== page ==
by Howard Lambert, Ph.D., Mary Simon, Psy.D, and John Mariner, L.C.S.W.
In our studies with Terry Real, author of I Don’t Want To Talk About It, we have discovered many insights that have deepened the work we are doing with couples. We would like to share some of these with you.
The most powerful teaching that Terry offers explains that our culture’s dominant model for relating is “anti-intimacy.” This is due to the fact that our competitive culture sees the most common positions from which to relate as either “one-up” or “one-down.” In addition, our culture assigns men the “one-up” position and places women in the “one-down” role. In doing therapy with couples we have found that, in about one in four relationships, it is the woman who assumes the one-up/entitled position and the man is in the one-down/devalued position. However, these men and women are punished by the culture for not occupying their culturally approved roles. The men are denigrated as “wimps” or “hen-pecked” while the women are labeled “castrating bitches.”
The one-down posture is familiar to all of us from childhood, when it was clear that we occupied a position of interior power and were dependent on others for our well being. In addition, many of us were shamed and devalued when we did not meet the expectations of the grown-ups. These painful experiences result in what Terry calls a “shame-filled” position, in which the person doubts their own worth and rights. This type of parenting is usually considered unhealthy and abusive.
The one-up position results from the experience of being “falsely empowered” (i.e., told one is “better than” others because of an accident of birth, for example being white, male, athletic or beautiful). This form of parenting is also seen to be unhealthy and abusive because it teaches children that they are valuable for something other than being themselves. This experience creates a “shameless” position in which the person feels entitled to exercise their rights without regard for the rights of others. A person who grows up with these attitudes generally adopts the stance of, “I have the right to do whatever I want and you have no right to protest!” To whatever degree people act from this position they lack respect and empathy for others and thus are missing essential human qualities.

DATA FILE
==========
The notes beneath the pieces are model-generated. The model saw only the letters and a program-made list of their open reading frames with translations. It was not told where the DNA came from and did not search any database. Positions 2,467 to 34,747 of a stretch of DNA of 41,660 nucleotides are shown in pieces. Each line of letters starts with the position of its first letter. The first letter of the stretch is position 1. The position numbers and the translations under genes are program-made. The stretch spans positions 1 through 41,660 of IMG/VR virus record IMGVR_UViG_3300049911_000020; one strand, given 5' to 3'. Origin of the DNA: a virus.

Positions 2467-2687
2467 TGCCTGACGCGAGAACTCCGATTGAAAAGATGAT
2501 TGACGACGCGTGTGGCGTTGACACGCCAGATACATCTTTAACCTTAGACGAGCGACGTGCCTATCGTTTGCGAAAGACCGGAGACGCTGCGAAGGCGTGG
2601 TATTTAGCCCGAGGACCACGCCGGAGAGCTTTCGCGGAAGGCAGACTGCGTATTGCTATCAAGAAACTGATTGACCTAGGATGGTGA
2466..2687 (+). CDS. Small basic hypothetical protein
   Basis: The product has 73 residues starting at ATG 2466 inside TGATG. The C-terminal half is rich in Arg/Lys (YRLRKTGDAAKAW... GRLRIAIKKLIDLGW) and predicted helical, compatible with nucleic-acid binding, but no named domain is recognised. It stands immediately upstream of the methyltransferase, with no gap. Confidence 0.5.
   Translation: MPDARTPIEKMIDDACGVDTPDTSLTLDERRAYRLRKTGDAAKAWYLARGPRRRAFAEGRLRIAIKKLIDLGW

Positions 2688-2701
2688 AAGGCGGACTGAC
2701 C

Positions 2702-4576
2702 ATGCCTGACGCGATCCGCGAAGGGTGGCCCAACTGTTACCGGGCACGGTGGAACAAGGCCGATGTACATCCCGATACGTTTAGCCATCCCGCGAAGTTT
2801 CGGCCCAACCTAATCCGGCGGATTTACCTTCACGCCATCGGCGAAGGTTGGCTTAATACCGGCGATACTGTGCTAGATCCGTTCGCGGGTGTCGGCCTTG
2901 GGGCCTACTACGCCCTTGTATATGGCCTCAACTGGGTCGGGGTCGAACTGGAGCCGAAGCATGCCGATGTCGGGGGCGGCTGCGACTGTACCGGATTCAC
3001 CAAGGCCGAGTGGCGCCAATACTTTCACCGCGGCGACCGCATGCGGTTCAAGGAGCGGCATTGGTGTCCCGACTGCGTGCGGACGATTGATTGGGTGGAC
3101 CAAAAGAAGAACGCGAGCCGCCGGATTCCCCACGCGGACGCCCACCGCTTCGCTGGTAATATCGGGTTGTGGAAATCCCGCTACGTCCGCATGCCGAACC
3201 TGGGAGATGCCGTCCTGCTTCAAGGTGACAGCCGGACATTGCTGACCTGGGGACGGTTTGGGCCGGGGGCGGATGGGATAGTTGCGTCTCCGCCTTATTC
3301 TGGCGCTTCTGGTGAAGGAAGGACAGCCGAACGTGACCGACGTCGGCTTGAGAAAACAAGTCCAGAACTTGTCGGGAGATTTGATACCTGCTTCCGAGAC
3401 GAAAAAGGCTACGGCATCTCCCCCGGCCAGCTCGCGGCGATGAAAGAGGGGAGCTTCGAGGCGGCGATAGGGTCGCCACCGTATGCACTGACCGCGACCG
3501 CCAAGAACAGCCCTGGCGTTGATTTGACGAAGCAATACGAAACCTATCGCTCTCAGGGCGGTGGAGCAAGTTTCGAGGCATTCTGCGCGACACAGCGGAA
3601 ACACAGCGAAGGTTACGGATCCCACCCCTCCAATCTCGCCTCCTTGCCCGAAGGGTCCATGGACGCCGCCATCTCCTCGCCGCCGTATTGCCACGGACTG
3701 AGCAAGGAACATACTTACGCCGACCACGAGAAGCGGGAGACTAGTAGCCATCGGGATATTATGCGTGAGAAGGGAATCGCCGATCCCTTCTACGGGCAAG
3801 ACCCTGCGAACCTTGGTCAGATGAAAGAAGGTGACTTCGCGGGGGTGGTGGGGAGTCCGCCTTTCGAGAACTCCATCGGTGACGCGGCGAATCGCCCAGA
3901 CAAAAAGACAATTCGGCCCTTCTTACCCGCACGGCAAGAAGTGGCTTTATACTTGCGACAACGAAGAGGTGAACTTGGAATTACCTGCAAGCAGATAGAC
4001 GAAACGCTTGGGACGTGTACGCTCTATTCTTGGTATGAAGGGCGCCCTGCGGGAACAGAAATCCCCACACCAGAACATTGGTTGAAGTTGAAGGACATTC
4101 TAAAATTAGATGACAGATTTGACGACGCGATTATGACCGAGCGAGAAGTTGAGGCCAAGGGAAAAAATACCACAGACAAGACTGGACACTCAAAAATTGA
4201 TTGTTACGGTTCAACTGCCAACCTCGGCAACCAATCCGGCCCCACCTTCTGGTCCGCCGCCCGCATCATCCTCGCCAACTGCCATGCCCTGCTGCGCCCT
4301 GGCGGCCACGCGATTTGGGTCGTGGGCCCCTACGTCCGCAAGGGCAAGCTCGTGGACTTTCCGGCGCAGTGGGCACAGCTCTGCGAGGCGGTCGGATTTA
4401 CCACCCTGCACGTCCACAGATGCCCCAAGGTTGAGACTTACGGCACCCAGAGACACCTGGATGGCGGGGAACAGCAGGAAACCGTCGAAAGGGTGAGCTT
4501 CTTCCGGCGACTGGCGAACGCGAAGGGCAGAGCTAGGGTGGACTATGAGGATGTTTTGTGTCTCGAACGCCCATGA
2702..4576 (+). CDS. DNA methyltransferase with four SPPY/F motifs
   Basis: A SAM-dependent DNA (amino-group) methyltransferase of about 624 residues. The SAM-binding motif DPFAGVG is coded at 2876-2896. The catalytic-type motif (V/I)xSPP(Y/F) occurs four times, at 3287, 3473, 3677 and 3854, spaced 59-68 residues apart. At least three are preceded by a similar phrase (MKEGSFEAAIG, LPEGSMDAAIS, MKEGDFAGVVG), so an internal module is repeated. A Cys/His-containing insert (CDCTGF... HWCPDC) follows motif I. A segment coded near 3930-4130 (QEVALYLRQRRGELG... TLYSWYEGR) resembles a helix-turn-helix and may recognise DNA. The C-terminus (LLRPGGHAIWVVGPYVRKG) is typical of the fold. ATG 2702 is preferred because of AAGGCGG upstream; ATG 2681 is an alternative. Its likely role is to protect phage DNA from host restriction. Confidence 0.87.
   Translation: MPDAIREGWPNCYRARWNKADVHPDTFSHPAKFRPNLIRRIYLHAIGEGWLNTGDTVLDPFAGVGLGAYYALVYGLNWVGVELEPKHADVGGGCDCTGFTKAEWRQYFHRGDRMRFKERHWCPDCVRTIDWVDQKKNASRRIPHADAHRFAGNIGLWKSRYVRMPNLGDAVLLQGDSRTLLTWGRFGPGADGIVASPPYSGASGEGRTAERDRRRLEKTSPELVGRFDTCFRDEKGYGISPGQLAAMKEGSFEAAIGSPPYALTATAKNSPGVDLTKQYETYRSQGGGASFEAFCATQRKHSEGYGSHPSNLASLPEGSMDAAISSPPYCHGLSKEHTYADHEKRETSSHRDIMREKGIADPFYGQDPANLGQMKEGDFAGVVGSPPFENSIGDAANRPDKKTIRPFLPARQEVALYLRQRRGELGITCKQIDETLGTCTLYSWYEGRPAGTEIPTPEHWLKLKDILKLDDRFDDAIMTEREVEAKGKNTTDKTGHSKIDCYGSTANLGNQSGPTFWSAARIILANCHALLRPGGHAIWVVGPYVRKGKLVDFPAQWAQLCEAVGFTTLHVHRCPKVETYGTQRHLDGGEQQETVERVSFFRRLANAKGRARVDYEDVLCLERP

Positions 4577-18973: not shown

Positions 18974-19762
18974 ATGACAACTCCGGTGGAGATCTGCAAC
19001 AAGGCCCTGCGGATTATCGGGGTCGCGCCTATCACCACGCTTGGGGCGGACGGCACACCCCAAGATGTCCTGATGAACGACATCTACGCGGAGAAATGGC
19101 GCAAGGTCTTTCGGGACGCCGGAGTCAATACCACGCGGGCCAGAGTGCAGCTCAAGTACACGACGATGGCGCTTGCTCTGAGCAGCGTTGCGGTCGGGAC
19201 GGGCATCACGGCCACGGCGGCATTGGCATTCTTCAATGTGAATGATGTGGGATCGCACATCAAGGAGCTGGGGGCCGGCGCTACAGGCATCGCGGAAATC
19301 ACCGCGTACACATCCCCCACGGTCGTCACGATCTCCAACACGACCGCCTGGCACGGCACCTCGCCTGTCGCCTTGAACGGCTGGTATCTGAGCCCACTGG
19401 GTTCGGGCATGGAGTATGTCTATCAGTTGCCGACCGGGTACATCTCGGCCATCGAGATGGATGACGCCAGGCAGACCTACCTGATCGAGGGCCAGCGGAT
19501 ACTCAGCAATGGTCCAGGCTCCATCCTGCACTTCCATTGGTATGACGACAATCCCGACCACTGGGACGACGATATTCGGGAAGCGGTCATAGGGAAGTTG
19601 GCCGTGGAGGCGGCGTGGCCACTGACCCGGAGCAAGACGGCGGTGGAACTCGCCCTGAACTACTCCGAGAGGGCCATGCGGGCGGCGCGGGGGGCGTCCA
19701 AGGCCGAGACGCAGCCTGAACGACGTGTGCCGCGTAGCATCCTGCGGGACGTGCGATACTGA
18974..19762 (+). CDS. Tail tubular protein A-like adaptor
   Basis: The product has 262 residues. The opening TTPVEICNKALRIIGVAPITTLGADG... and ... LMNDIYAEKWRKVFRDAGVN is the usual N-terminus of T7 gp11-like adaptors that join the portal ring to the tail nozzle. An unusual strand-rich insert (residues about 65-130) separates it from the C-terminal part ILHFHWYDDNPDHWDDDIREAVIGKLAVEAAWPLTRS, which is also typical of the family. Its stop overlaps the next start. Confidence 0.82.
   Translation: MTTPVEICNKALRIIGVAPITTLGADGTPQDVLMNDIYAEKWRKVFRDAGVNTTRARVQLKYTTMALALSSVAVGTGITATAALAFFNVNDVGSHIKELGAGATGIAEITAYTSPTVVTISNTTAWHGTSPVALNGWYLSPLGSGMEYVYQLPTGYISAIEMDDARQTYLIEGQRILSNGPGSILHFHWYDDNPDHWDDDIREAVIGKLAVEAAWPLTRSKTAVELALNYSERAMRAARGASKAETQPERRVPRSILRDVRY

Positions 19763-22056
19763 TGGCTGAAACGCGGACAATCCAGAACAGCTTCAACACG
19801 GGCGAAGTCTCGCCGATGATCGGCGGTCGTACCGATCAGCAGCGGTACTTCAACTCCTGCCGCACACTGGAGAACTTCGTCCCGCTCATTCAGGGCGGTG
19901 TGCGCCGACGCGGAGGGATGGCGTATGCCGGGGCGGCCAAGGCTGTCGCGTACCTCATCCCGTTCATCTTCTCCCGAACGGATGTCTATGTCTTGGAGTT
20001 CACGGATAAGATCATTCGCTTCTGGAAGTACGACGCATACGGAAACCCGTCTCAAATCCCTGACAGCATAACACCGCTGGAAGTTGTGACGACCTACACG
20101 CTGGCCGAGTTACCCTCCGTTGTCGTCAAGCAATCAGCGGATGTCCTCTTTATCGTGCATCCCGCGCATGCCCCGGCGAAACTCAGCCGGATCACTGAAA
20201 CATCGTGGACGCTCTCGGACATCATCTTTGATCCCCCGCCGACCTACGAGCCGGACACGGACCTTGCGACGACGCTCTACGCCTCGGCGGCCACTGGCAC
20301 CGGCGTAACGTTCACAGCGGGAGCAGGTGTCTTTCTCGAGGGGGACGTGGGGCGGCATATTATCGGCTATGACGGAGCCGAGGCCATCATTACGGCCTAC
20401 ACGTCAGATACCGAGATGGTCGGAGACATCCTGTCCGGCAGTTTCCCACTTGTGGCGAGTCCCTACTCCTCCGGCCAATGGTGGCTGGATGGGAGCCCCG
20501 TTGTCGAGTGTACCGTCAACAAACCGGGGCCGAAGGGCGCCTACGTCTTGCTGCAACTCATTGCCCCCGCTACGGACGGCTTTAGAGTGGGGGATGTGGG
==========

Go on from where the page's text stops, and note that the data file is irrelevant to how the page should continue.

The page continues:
Terry teaches that boys are subject to this “false empowerment” by virtue of being raised as males in this culture. Even if parents consciously try to raise “liberated” children, the cultural messages that “masculine is better” are in the very air we breathe.
The problem in adult relationships is that the one-up/one-down framework makes intimacy impossible. The one-up position generates limited empathy for the other – an essential element of intimacy. The one-down position invariably creates resentment – an emotion that is poisonous to intimacy.
In our liberated society most men and women consciously disavow this dynamic. However, we have discovered that many relationships contain this dynamic below conscious awareness. It is crucial to be able to recognize when these forces are operating in your relationship and to learn how to move to a “same as” position. The “same as” position is achieved when the individual acts both with “appropriate power” (i.e., the power to do and say what I need to do and say) and with empathy (i.e., being acutely aware of the impact that my words and actions have on other people).
Our culture gives us subtle and often unconscious messages that make it difficult to recognize these dynamics. Men are raised to be unconscious of the grandiose and entitled positions they are given in our society. Women on the other hand can see the power differential that exists in relationships, but usually feel they dare not speak about it.
In our work at the Relationship Resource Center we have found that the rewards for seeing, talking about and moving out of this constricting framework are very rich. We are discovering how to help women and men move into true equality in their intimate relationships.